Michelle
I won this book through Goodreads First Reads.

I found this book hard to get into and start reading. It wasn't until the third part of the book that I started to find it interesting. It's a really descriptive book and there are parts of Kamal's life that are heartbreaking. When Saida is finally found by Kamal after all the years apart it was anti-climatic. He searched forever to find her and then all they really do is have a conversation and that's it?!
Rannie
Dr. Kamal Punja is a man between worlds - African, yet Indian. Swahili village boy, but also successful, sophisticated Canadian physician.
Abandoned and abandoner. Faithful friend, yet betrayer. He returns to his childhood home in Tanzania after many years of exile seeking his childhood friend, but in doing so, finds himself. This novel gave me an interesting glimpse into the people and 20th century history of Tanzania and East Africa.
Toto
Don't read this book for the writing. Don't read it for the love story either, since it is not at all convincing. I for one did not buy for a minute that a 50+ man would leave behind his kids and life in Canada in search of his "Beatrice" so to speak--a girl he loved as a little boy. Tanzania and its history are new to me; at least I learned a few things about the people who live there.
Stephanie
I loved reading about Tanzania and its history and also reading all the Swahili! (I could even understand parts of it). The story itself was pretty engaging, too, although sad: a half-caste African/Indian boy struggles to find his place in the world. By all accounts, he has huge financial and career success, yet in middle age he yearns back to the time and place where he had nothing.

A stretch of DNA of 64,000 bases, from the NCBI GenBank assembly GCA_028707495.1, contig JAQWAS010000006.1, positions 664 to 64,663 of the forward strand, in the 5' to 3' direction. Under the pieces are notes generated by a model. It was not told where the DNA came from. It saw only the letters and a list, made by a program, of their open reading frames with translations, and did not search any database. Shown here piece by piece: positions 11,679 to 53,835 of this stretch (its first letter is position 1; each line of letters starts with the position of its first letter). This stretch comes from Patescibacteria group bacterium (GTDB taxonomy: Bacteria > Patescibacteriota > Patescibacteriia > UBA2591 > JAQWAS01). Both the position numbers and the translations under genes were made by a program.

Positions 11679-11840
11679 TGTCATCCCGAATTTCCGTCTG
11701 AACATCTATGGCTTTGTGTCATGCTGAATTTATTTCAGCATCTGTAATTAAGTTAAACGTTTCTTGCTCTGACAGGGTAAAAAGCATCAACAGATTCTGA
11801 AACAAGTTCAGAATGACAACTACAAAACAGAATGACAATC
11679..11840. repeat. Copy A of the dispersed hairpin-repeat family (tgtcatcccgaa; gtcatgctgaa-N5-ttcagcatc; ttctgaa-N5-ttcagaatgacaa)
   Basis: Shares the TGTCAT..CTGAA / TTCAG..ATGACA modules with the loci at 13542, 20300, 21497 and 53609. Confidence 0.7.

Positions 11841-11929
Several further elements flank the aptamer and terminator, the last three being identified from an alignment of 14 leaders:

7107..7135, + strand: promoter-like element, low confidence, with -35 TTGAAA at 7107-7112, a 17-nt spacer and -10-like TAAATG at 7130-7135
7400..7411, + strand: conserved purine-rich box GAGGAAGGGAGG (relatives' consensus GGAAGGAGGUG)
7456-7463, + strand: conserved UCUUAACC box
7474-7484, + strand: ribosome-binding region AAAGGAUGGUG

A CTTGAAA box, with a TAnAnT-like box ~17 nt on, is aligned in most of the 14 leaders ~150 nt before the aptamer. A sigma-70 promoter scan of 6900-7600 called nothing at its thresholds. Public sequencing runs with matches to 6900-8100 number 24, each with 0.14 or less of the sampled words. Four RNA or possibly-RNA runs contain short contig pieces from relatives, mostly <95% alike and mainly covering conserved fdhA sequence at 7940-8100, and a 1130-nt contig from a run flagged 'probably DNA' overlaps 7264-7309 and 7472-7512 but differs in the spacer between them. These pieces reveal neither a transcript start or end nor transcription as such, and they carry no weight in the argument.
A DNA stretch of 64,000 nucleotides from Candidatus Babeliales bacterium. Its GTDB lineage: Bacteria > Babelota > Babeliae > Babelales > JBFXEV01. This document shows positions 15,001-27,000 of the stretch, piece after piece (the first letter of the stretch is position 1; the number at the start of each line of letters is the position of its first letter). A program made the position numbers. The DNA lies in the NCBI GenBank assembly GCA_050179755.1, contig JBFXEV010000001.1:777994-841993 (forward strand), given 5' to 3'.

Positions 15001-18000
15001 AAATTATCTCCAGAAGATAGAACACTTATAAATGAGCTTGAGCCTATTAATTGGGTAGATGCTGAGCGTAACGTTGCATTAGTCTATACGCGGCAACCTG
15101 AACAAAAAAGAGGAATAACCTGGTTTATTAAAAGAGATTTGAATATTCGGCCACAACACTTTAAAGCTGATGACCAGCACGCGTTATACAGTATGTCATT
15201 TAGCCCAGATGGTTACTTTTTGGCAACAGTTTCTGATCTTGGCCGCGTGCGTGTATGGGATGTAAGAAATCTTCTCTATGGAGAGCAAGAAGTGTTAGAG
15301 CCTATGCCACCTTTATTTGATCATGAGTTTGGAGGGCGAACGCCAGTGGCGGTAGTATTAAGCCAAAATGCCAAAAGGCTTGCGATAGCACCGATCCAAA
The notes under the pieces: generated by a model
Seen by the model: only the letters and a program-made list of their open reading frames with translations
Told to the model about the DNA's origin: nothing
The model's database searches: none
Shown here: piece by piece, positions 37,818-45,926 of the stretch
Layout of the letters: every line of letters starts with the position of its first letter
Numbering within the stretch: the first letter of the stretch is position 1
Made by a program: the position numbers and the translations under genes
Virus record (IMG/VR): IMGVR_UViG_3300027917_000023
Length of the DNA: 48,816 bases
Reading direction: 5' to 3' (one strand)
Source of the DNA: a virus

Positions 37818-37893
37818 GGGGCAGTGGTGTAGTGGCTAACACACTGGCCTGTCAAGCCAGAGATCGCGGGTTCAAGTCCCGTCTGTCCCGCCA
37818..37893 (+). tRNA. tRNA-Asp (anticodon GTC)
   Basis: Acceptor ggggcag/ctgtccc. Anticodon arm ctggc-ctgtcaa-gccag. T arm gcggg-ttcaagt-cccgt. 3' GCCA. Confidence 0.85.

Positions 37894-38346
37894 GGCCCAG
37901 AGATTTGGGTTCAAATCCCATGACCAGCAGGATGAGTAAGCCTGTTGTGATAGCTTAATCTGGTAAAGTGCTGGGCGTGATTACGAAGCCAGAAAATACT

June
An incredible read. It grips you and holds you in its spell as the story weaves from continent to continent, character to character, child to manhood, and beyond. It reveals our humanity and our vulnerabilities in handling life's successes and challenges. Don"t we all hold onto our memories of someone who touched our soul and can one truly go back?
Mark Robertson
Vassanji is one of my favourite authors, but - I dunno - this book just didn't grab me until maybe the last 75 pages. Somehow I got bogged down, which is unusual. Still though I've learned a lot from Vassanji about Tanzanian (and Kenyan) history. It's a whole other world, and a fascinating one.
Victoria
Not my favorite of Vassanji's books, which I normally love. The ending rushed up on me, and felt significantly less satisfying and solid than his previous works. That said, the strength of his prose throughout the rest of his book is - as per usual - brilliant and moving. It makes up for the ending.
Ava Homa
A very rich book, a love story with historical/social/religious/psychological layers. This is not a good book, it's a great one, like everything else I have read by this author. I finish the book with the desire to have time to re-read it, certain that with each reading, I will discover more depth.
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Moyez G. Vassanji was born in Kenya and raised in Tanzania. Before coming to Canada in 1978, he attended MIT and the University of Pennsylvania, where he specialized in theoretical nuclear physics. From 1978-1980 he was a postdoctoral fellow at the Atomic Energy of Canada, and from 1980 to 1989 he was a research associate at the University of Toronto. During this period he developed a keen interes...more
More about M.G. Vassanji...